Wordless, this photograph has sat framed, in my home, my entire life. No matter where I have lived, I’ve kept it close, hearing its horrifying screams daily, silently grasping for me, bellowing out all the words that you see from the well of my deepest despair. Words boldly wrestling within my soul, clawing out those tiny eyes, like rusted barbed wire, embracing me, bludgeoning me, shredding all that was left of my vanquished tortured being.
I remember when it was taken; I was in kindergarten, just five years old. It was my very first school picture.
The day before, my mother picked out the Winnie the Pooh outfit and the little black barrettes for my hair. She said, “Pictures tell a story, Kerri, they’re worth a thousand words so you have to look nice”.
The next morning I got on the school bus, and arriving at the school, found myself being ushered to stand in line with all the other kids waiting to have their picture taken.
I remember when it was my turn and I remember the sound of the camera mans kind voice when he said, “What a lovely little lady you are” as he sat me down and gently adjusted my position.
I remember how the excitement faded and the darkness set in as vile memories of being raped the night before pierced through my being, dismembering the element of beauty resting in the bowels of my soul.
Frightened, the camera’s flash met my face, seizing the desolation behind my eyes; the vacancy of where my innocence was never allowed to live.
My very first picture was going to tell everyone what my mother already knew, what she’d already blamed and abashed me for. What she wasn’t protecting me from.
My very first picture would tell the world why she didn’t love me and why I didn’t deserve to be loved.
Stepping down from in front of that camera, I did for the first time what I would do every day for years to come, I took a deep breath, shoved my fears behind my tonsils and soundlessly choked on my secret tears of shame.
If only I was strong enough to fight them off, if only I wasn’t so bad, so dirty, so ugly, like they said, if only I was a good girl, my mother would want me and I would be loved.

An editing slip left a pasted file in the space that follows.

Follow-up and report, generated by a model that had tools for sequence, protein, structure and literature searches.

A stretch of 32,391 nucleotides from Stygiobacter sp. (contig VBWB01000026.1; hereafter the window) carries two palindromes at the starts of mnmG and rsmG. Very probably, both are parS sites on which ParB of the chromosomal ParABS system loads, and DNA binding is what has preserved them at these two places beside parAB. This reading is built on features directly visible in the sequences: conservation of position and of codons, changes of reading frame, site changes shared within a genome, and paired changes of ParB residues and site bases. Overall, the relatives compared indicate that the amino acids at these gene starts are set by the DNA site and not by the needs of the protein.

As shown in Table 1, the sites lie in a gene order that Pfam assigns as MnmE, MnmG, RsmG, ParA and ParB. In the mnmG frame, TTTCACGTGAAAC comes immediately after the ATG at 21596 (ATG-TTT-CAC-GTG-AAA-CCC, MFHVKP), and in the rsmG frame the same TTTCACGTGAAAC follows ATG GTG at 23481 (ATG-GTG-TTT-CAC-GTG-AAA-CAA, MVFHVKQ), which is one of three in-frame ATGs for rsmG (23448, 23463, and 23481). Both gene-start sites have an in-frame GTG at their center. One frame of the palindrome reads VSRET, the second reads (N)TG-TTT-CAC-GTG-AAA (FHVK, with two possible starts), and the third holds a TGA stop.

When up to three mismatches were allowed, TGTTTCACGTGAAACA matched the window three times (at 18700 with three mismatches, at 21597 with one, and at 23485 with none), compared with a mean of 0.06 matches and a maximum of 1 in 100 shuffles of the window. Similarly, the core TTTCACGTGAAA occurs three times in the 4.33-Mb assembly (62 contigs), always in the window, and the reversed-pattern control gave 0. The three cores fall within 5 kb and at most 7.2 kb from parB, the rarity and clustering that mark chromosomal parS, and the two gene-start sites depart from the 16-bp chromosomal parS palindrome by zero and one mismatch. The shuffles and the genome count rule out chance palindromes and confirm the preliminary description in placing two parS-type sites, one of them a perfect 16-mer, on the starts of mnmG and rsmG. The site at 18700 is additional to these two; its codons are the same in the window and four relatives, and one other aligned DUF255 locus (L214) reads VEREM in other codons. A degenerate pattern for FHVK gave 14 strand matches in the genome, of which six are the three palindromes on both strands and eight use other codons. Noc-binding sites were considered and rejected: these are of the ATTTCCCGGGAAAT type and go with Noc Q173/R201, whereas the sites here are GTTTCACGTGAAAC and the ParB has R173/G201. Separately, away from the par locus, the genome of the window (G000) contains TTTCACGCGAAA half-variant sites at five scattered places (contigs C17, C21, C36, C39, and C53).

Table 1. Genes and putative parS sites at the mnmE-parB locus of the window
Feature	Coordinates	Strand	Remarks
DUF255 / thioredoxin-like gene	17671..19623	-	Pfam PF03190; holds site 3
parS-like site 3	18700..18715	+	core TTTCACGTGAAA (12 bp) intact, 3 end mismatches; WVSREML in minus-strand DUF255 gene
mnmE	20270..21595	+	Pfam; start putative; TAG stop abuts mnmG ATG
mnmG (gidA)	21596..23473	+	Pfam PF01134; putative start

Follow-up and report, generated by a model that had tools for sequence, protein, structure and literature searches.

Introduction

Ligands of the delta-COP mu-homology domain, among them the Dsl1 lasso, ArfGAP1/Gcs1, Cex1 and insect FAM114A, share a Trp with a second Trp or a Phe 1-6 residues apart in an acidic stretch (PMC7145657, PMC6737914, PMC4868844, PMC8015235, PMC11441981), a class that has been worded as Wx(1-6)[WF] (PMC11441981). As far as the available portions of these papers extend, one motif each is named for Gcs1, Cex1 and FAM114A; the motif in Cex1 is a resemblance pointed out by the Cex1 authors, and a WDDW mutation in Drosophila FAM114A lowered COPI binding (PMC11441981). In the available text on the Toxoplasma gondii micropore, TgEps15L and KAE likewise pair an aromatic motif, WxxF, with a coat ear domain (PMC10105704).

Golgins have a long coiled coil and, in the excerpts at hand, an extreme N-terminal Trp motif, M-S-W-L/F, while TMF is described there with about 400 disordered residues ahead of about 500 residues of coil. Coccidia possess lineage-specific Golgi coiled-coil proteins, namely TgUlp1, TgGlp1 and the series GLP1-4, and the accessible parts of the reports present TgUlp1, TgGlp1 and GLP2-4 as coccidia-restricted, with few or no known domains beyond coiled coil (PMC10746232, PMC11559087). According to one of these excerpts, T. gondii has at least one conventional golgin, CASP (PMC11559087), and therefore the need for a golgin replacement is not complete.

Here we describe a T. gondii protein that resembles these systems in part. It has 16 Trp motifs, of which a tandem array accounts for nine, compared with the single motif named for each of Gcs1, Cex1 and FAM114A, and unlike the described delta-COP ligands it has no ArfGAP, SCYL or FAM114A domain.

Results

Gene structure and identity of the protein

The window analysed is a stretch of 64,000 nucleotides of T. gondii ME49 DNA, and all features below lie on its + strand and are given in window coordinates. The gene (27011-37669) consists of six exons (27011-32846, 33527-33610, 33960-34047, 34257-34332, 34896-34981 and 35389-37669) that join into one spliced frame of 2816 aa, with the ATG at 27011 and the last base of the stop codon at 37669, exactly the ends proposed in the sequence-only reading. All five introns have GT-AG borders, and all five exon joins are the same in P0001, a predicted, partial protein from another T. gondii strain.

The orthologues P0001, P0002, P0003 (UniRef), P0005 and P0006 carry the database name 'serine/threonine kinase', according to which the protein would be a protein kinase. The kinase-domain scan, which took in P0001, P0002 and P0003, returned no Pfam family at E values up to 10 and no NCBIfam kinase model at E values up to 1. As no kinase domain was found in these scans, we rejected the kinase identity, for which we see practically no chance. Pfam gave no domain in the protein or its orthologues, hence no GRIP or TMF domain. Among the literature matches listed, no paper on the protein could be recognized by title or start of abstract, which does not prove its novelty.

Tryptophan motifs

A few weeks later my school picture arrived screaming, loudly, boldly, relentlessly in my face, a tragic ballad of abuse and degradation that penetrated my being, leaving not even one of my senses unscathed.
Captured for the entire world to see was the essence of a little girl’s loneliness and pain, my childhood, my loneliness, my pain, a catastrophic hurricane, in its perfect power, an innocence driven straight to hell; my mother > the delivering devil.
Looking at the picture, the words were deafening, the pain in that little face, intricately woven into my soul, omitting loud, frightful; screaming words – wailing words that no one else saw or heard but me. I didn’t understand their blindness. Why didn’t they see my pain? Why didn’t they help?
That night I climbed into bed vowing to love that lonely, terrified little girl; that caged image of myself. No matter how complicated or excruciating it was, I was going to love her. I would be the voice that she needed. I would help. I would fight for her, I would find her happiness and I would set her free.
I believe that in some way, that my five-year old spirit felt that by facing the worst dangers voluntarily, and triumphing, I’d forever have power over them. I didn’t know how I was going to do it, I didn’t even understand the wretchedness of what I was living through but what I knew was that I didn’t want that little girl in the picture to live her days grief-stricken, dwelling amongst her scars.
I made it a point to look at that image of myself every day. I’d run my fingers over the photograph, tracing along the patterns of her face. I’d see the brokenness in her eyes and the cold lingering sadness of her smile and I’d embrace her.
I’d shower her with praises, I’d tell her how much she was loved and how precious and important she was to me, to life itself, to God’s plan, and to those that she was yet to meet.